The founders would have been even more productive if they wrote clear sentences. George Washington recommending aide de camp David Humphreys wrote this:“I persuade myself you will find no confidence which you may think proper to repose in him, misplaced.” Can you imagine how a fellow who wrote a backwards-running sentence like this called out “charge” to his troops?
“Present your limbs in an ambulatory fashion and make movements toward the adversary that would not be misunderstood by a passer by as lacking zest!”
(This little whimsical observation came while creating the latest episode of Whistlestop on the founding of the presidency.)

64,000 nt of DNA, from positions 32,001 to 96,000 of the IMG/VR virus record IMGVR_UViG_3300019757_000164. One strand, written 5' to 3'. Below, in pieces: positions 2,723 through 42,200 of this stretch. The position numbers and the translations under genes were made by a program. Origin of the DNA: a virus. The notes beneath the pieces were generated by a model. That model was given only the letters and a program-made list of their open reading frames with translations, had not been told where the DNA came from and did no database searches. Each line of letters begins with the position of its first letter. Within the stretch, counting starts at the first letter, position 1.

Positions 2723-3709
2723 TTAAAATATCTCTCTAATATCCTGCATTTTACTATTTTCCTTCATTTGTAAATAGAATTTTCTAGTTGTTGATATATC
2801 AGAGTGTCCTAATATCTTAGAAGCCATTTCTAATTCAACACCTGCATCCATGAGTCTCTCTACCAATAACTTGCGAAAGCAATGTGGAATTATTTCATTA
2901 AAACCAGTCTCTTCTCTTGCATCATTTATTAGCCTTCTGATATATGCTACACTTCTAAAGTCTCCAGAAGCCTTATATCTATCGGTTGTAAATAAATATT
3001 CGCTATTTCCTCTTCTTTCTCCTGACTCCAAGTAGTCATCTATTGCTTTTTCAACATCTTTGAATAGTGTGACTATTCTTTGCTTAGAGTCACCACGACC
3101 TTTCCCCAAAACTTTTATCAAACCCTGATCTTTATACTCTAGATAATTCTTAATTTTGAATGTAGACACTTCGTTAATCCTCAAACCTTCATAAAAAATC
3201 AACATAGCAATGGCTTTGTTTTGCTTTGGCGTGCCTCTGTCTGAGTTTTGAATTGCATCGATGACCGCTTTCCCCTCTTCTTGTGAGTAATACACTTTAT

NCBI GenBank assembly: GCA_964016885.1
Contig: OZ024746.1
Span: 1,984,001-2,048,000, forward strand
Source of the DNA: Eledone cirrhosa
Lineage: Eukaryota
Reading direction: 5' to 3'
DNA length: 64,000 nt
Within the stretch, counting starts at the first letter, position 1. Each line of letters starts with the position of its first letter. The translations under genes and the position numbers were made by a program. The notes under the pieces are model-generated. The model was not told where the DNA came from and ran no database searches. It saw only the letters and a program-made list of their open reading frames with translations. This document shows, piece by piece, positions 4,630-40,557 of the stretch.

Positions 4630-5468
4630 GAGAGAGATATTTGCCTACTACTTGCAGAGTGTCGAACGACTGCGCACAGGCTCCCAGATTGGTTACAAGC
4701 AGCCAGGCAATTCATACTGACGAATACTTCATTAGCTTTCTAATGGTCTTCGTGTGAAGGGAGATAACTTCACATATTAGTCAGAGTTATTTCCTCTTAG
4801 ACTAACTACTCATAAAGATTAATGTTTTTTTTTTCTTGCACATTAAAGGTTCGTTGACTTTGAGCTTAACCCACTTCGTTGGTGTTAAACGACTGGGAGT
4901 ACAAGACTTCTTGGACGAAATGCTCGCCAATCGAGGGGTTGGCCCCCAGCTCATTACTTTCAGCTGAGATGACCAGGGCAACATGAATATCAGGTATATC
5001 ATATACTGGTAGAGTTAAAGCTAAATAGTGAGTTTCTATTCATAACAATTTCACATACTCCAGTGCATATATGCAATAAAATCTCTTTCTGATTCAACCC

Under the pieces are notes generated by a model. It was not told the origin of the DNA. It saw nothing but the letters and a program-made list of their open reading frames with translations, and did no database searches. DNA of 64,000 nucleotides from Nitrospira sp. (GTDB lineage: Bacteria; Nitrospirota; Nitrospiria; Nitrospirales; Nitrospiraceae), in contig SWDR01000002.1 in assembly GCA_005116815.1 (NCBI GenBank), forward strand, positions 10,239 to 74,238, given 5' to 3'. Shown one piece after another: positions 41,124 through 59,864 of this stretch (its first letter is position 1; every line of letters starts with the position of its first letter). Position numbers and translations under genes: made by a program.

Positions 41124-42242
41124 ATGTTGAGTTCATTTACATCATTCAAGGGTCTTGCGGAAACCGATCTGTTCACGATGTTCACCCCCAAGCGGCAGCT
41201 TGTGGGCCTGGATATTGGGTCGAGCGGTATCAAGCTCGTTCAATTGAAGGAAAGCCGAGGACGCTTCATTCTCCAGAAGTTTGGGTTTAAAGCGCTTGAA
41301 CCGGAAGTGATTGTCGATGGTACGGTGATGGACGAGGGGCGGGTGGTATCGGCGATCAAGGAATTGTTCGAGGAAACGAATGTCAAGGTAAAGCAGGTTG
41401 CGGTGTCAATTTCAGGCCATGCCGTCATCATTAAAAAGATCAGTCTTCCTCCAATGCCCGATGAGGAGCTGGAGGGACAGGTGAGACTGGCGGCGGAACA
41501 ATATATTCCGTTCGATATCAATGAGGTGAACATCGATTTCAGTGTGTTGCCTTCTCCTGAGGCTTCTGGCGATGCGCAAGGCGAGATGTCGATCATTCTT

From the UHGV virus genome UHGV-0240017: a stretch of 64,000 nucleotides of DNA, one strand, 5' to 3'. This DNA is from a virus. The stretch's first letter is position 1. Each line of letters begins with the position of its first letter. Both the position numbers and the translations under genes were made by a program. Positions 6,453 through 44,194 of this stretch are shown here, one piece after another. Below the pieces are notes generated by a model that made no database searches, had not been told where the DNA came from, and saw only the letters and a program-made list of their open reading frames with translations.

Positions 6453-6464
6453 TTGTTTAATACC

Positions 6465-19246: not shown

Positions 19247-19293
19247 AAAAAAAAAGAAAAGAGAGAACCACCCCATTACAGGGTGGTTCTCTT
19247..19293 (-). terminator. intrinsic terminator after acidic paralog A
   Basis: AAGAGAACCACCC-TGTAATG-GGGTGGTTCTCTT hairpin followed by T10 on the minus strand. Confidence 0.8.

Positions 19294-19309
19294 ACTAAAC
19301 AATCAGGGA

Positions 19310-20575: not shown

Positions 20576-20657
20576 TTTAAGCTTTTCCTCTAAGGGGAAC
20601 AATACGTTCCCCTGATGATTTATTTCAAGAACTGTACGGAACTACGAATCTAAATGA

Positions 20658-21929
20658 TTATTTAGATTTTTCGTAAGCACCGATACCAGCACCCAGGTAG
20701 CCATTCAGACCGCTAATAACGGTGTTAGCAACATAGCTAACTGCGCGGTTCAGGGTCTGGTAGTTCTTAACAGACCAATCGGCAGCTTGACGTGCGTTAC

UPDATE: I was unfair to the founders. Here’s a passage from James Madison, writing to George Washington in advance of the Constitutional Convention in which he elegantly, I think(!), outlines why they can’t take half measures. “Temporising applications will dishonor the Councils which propose them, and may foment the internal malignity of the disease, at the same time that they produce an ostensible palliation of it. Radical attempts, although unsuccessful, will at least justify the authors of them.”